The Bank of England intervenes in the British bond market to stop the defeat

The Bank of England intervenes in the British bond market to stop the defeat

Written by David Milliken

LONDON (Reuters) – The Bank of England said on Wednesday it will buy as many longer-dated government bonds as needed between now and October 14 to stabilize financial markets, after British gold prices fell since the government’s financial statement on Friday. .

Citing potential risks to the UK’s financial stability, the Bank of England also said it would delay the start of a program to sell its 838 billion pounds ($891 billion) of government bonds, which was due to start next week.

It added that it remained committed to reducing £80 billion over the next 12 months in bond holdings purchased under the quantitative easing program in the wake of the global financial crisis and during the COVID-19 pandemic.

UK 30-year bond yields hit their highest level since 2002 on Wednesday, before the Bank of England’s announcement, and traders complained that it was becoming increasingly difficult to buy and sell bonds as no one wanted to risk owning such a volatile asset.

The Bank of England said it had no choice but to intervene. The Treasury said it would compensate for the operations.

“If the dysfunction in this market continues or worsens, there will be a material risk to financial stability in the UK,” the Bank of England said. “This will lead to an unjustified tightening of financing conditions and reduce the flow of credit to the real economy.”

The central bank has not set a fixed limit on the scale of its intervention.

“The purpose of these purchases is to restore orderly market conditions. Purchases will be made of whatever size is necessary to influence this outcome.”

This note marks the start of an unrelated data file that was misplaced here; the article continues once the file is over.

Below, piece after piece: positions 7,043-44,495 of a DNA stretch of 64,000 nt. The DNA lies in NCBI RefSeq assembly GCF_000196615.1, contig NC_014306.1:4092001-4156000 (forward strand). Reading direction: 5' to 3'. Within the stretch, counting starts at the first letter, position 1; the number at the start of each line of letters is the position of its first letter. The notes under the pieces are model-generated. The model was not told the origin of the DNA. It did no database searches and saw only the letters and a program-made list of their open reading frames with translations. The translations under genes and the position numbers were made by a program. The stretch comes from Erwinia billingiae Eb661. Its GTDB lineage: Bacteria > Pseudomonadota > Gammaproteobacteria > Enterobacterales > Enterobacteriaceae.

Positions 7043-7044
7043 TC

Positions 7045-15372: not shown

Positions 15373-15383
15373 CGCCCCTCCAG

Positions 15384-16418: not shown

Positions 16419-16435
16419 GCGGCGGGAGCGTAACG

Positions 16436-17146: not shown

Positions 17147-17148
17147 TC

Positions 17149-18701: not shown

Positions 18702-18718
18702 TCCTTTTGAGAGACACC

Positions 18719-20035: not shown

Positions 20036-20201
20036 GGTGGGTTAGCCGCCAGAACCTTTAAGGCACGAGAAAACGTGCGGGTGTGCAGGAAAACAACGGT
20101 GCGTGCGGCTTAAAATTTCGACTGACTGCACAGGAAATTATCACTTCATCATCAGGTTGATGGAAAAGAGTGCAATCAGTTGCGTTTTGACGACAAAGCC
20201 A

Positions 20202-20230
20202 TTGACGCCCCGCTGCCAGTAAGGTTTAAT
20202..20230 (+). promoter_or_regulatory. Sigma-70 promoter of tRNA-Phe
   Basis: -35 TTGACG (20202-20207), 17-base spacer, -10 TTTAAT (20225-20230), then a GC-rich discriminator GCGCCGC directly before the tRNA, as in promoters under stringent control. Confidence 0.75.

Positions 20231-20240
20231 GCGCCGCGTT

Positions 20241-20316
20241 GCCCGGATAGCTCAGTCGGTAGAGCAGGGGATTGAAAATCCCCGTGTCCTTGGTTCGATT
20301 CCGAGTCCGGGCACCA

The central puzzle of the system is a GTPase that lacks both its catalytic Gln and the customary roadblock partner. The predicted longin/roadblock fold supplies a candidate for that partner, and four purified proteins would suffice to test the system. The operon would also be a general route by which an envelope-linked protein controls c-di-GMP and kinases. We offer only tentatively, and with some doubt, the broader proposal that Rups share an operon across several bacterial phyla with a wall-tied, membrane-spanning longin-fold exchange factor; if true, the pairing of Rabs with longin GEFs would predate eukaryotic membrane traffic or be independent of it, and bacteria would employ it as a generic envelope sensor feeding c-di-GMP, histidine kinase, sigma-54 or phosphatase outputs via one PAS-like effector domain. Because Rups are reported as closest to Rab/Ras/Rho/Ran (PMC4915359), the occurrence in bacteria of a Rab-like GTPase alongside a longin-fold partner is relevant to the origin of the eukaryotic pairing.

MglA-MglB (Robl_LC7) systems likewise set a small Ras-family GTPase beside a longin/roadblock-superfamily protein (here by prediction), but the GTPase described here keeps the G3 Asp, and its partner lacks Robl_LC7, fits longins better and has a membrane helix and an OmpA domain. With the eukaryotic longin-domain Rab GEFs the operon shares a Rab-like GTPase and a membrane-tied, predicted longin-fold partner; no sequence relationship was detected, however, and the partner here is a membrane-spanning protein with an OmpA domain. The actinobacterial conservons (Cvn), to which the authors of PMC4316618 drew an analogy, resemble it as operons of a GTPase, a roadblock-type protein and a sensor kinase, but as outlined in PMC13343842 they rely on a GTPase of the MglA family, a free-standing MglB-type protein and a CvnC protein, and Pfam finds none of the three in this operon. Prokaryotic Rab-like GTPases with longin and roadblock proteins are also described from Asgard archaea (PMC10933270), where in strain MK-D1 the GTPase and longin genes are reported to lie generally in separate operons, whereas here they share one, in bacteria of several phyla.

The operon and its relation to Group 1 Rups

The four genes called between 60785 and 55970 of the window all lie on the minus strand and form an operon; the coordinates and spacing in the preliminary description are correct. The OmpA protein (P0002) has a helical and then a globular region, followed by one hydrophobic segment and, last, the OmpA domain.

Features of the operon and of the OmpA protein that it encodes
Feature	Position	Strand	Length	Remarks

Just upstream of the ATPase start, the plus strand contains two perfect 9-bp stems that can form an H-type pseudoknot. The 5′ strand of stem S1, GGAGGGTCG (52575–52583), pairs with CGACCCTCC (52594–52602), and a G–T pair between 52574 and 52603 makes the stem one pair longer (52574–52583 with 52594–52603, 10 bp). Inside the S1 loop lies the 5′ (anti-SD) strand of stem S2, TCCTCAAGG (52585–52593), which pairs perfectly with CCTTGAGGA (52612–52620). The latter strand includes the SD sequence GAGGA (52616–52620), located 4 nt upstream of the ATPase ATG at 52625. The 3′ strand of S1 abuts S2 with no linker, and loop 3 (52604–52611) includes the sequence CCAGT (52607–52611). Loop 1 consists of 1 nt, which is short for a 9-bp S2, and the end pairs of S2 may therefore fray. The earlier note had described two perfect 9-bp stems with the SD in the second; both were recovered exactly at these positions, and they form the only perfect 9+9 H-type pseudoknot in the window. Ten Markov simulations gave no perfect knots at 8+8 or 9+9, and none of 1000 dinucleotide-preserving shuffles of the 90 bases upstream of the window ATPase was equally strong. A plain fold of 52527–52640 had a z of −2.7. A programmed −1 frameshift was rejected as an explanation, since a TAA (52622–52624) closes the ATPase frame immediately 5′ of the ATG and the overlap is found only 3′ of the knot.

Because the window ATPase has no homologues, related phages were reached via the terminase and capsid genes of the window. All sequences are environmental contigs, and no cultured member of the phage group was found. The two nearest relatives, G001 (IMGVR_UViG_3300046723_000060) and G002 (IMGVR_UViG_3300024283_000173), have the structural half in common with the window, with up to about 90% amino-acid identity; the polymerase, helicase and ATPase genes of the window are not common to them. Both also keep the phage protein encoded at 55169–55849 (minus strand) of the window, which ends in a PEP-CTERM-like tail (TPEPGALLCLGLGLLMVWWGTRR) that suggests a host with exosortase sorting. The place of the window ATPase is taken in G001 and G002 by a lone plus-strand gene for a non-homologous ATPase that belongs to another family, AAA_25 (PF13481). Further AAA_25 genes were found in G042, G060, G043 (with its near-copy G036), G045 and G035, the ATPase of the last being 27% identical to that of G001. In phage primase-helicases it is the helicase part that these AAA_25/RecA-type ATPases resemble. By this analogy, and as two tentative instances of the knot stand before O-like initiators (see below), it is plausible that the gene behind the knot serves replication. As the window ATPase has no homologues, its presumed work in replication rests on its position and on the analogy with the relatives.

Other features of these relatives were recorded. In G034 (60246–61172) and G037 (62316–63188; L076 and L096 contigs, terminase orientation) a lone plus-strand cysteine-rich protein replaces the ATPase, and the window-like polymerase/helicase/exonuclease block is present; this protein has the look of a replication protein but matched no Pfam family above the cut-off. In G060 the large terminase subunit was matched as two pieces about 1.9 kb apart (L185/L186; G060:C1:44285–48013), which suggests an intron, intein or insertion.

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The Bank of England last intervened in the gold market to stem market turmoil in March 2020, when the pandemic disrupted markets, leading to an expansion of a dormant quantitative easing program by hundreds of billions of pounds.

In contrast to that time, the Bank of England said on Wednesday that the intervention would be entirely temporary and would “be phased out in a smooth and orderly manner once the risks to market performance are judged to have receded.”

However, the intervention had an immediate effect on the market. Thirty-year Treasury yields are down about 50 basis points, reversing Tuesday’s losses but still well above their level at the end of last week.

Markets were hesitant about the unfunded tax cuts that formed part of new Finance Minister Kwasi Kwarting’s first financial statement on Friday.

said Charles Diebel, Head of Fixed Income Strategy at Mediolanum Asset Management.

(dollar = 0.9406 pounds)

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